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Obama's State of the Union address: Criticism of the Supreme Court campaign finance ruling

January 27, 2010 |  7:17 pm


With the black-robed justices of the Supreme Court sitting not far away, President Obama took aim at a recent court decision which said that corporations could spend as much as they wanted to sway voters in federal elections.

“Last week, the Supreme Court reversed a century of law to open the floodgates for special interests -- including foreign companies -- to spend without limit in our elections,” Obama said tonight. “Well, I don’t think American elections should be bankrolled by America’s most powerful interests, and worse, by foreign entities. They should be decided by the American people, and that’s why I’m urging Democrats and Republicans to pass a bill that helps to right this wrong.”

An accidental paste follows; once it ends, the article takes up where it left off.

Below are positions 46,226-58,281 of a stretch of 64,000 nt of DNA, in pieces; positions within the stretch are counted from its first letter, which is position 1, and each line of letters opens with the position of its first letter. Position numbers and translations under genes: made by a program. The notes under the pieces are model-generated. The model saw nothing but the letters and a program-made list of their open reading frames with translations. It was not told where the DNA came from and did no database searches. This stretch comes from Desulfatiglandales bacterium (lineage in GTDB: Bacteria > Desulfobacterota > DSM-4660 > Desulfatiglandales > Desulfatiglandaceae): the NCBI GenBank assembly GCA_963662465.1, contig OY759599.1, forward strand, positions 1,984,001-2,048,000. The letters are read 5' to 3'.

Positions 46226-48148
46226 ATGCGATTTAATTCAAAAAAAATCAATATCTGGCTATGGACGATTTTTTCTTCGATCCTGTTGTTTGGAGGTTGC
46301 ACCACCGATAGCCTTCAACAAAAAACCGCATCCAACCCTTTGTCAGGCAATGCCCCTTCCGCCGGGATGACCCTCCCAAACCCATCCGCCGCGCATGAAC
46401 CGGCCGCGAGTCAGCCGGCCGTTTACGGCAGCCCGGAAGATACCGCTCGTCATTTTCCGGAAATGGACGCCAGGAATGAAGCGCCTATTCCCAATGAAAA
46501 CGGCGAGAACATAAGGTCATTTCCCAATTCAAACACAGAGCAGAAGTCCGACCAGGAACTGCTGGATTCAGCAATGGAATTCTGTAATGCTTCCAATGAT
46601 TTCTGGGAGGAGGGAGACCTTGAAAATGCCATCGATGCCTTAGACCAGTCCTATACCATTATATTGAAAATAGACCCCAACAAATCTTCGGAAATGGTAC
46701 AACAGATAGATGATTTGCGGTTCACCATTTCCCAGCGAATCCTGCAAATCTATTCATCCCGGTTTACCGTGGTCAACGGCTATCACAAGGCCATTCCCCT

The court’s ruling overturned a century-old restriction. In a 5-4 decision led by the court’s conservative bloc, the justices said that corporations had the same right to free speech as individuals, and for that reason the government could not stop corporations from spending to help their favored candidates. Many analysts predict the ruling will benefit Republicans in next fall’s midterm elections.

-- Steve Padilla

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Photo: Members of the U.S. Supreme Court listen to U.S. President Barack Obama speak to both houses of Congress during his first State of the Union address at the U.S. Capitol on January 27, 2010 in Washington, DC. Pictured are: (L-R, Front) Chief Justice John Roberts and Justices Anthony Kennedy, Ruth Bader Ginsburg and Stephen Breyer; (L-R, Back) Treasury Secretary Timothy Geithner and Justices Samuel Alito and Sonia Sotomayor. Since taking office a little over a year ago, Obama's approval ratings have dropped significantly according to recent polls. Credit: Alex Wong/Getty Images